The Mission Economic Development Agency — or MEDA, as most know it — has purchased a 16-unit building on the corner of 17th and Mission streets for $7.75 million.

A majority of the 11 residential and five commercial spaces are currently occupied by longtime, low-income tenants. 

“By taking market-rate buildings off the private market, we can keep them affordable over time,” said MEDA Director of Commercial Real Estate Karoleen Feng. “Low-income families significantly occupy most buildings MEDA purchases.”

During the year-long purchasing process of the building, however, two high-income households replaced the low-income households, Feng said, which made purchasing the building more “urgent.” 

“Other properties we purchase have a higher percentage of high-income tenants – tenants who are generally more transitory in San Francisco,” she said. “We purchase these buildings with the expectation that as these tenants move out – of their own volition – we can rent to low-income tenants at affordable rents.”

In order for MEDA to purchase the property through the city’s Small Site Program, a majority of the building’s tenants must be at or below 80 percent area median income.

The San Francisco Housing Accelerator program provided the multimillion-dollar bridge loan to MEDA as the nonprofit waits for public funds from the city’s small-sites fund to become available. This is the fourth loan the accelerator program has given to MEDA for a small-site purchase. 

The nonprofit has been on an acquisition spree in recent years. This newest building, at 2093 Mission St., is the 19th purchase under the city’s Small Sites program, which is aimed at protecting longtime residents and neighborhood-serving areas in the neighborhood.

“MEDA is working to purchase corner buildings along the Mission Street commercial corridor — especially between Duboce Avenue and Cesar Chavez Street — so that a proper mix exists to meet our families’ housing and small-business needs, reversing a trend of gentrification and Displacement,” said Karoleen Feng, director of community real estate at MEDA, in a statement.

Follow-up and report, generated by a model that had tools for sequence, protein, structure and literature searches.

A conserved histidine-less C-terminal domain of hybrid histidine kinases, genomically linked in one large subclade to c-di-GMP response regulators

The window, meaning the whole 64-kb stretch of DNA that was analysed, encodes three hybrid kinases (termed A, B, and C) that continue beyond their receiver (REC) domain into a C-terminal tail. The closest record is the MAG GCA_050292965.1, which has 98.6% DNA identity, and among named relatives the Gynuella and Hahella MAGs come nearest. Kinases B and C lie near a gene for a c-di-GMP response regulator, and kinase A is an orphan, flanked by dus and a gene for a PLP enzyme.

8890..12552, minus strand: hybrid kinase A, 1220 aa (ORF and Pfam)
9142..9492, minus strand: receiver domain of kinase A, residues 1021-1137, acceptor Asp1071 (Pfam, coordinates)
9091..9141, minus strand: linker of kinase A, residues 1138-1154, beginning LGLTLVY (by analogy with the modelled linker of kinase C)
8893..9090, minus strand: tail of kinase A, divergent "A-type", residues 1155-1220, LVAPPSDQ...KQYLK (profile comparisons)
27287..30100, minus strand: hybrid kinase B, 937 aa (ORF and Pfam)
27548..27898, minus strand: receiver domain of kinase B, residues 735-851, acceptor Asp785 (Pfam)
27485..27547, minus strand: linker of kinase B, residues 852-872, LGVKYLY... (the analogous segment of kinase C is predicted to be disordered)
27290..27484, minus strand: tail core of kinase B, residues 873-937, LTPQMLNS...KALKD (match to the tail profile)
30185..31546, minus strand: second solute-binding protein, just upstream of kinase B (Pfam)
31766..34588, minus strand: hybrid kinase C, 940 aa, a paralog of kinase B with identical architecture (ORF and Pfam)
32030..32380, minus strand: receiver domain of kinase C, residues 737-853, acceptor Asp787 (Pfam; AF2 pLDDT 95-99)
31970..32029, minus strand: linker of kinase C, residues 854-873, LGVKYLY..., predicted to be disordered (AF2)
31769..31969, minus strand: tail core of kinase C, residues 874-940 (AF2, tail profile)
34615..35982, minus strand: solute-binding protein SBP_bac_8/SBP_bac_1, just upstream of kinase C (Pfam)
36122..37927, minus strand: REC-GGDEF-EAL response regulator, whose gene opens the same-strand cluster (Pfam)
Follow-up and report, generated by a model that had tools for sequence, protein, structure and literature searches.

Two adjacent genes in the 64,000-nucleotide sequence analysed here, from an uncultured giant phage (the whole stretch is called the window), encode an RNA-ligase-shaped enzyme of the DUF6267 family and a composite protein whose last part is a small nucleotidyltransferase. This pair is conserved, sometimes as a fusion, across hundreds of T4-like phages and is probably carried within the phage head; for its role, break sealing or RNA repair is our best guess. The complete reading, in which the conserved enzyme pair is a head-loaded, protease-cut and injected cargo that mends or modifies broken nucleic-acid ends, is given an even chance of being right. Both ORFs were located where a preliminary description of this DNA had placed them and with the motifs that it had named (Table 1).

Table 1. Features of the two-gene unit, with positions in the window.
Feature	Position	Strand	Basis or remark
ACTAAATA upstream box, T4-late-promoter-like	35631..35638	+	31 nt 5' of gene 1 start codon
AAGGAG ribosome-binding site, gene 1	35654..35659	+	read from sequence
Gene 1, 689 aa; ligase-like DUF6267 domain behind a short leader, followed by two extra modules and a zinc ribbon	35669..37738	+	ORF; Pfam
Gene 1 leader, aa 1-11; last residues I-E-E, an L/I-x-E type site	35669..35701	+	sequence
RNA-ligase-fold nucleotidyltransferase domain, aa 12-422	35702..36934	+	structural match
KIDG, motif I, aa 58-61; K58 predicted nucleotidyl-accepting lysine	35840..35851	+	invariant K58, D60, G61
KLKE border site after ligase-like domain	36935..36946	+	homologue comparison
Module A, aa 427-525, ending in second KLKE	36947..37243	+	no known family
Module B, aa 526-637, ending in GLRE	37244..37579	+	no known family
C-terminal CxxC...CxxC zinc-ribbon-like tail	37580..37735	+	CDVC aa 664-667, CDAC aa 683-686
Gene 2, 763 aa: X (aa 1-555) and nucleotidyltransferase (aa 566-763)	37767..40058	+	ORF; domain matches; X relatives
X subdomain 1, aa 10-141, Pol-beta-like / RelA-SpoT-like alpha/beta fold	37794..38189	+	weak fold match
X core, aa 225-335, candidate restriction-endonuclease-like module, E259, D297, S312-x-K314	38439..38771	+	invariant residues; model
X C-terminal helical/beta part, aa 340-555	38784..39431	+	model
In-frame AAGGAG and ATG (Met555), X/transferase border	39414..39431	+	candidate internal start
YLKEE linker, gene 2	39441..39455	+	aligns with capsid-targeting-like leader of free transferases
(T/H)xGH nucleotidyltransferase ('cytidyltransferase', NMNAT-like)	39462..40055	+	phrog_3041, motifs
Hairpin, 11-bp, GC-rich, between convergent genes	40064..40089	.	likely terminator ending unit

Aside from small sites, the non-profit is currently developing 534 units on five different sites — all slated to be completed by 2021. In December, the community nonprofit-cum-affordable housing developer bought a decaying building at 18th and Mission for $6 million.

Johnny Oliver, who heads MEDA’s Small Sites program, said the nonprofit had its eyes on the building for more than a year, but its owner had been asking for a price “that did not meet city guidelines.”

A year later, Oliver said, the priced dropped by about $1 million, and MEDA jumped on it.

MEDA will be doing “rehab” work on the building at a cost of about $10,000 to $20,000 per unit, Oliver said.

Oliver said MEDA’s 20th small site purchase, a six-unit property, will come in early February.

Editor’s Note: This story has been updated to reflect the ratio of low- and high-income tenants currently occupying the building. 

Follow Us

Julian grew up in the East Bay and moved to San Francisco in 2014. Before joining Mission Local, he wrote for the East Bay Express, the SF Bay Guardian, and the San Francisco Business Times.

Join the Conversation


Please keep your comments short and civil. Do not leave multiple comments under multiple names on one article. We will zap comments that fail to adhere to these short and very easy-to-follow rules.

Your email address will not be published. Required fields are marked *

  1. Tucker. The Master tenants have moved out and are subletting the apartments at market rate. The master tenants now get to lock in on their monthly price.

  2. The grocery store on the ground floor has been closed (as can be seen in the photo) for the past week. Is this related in some way?

  3. The fact that Mission Local operates out of MEDA’s offices is a glaring omission, and a fact legitimate news outlets would disclose. Is this a news article or is this a MEDA press release?

    1. Exactly. Not to mention accuracy. I live down the block and I’m friends with several residents and shop owners. The fact is less than half of the units are occupied by low income tenants. Most of them are well-to-do single professionals paying market price rent and have lived there less than 5 years. MEDA just spent 8 million tax dollars to “protect” a grand total of 4 low income tenants from theoretical eviction.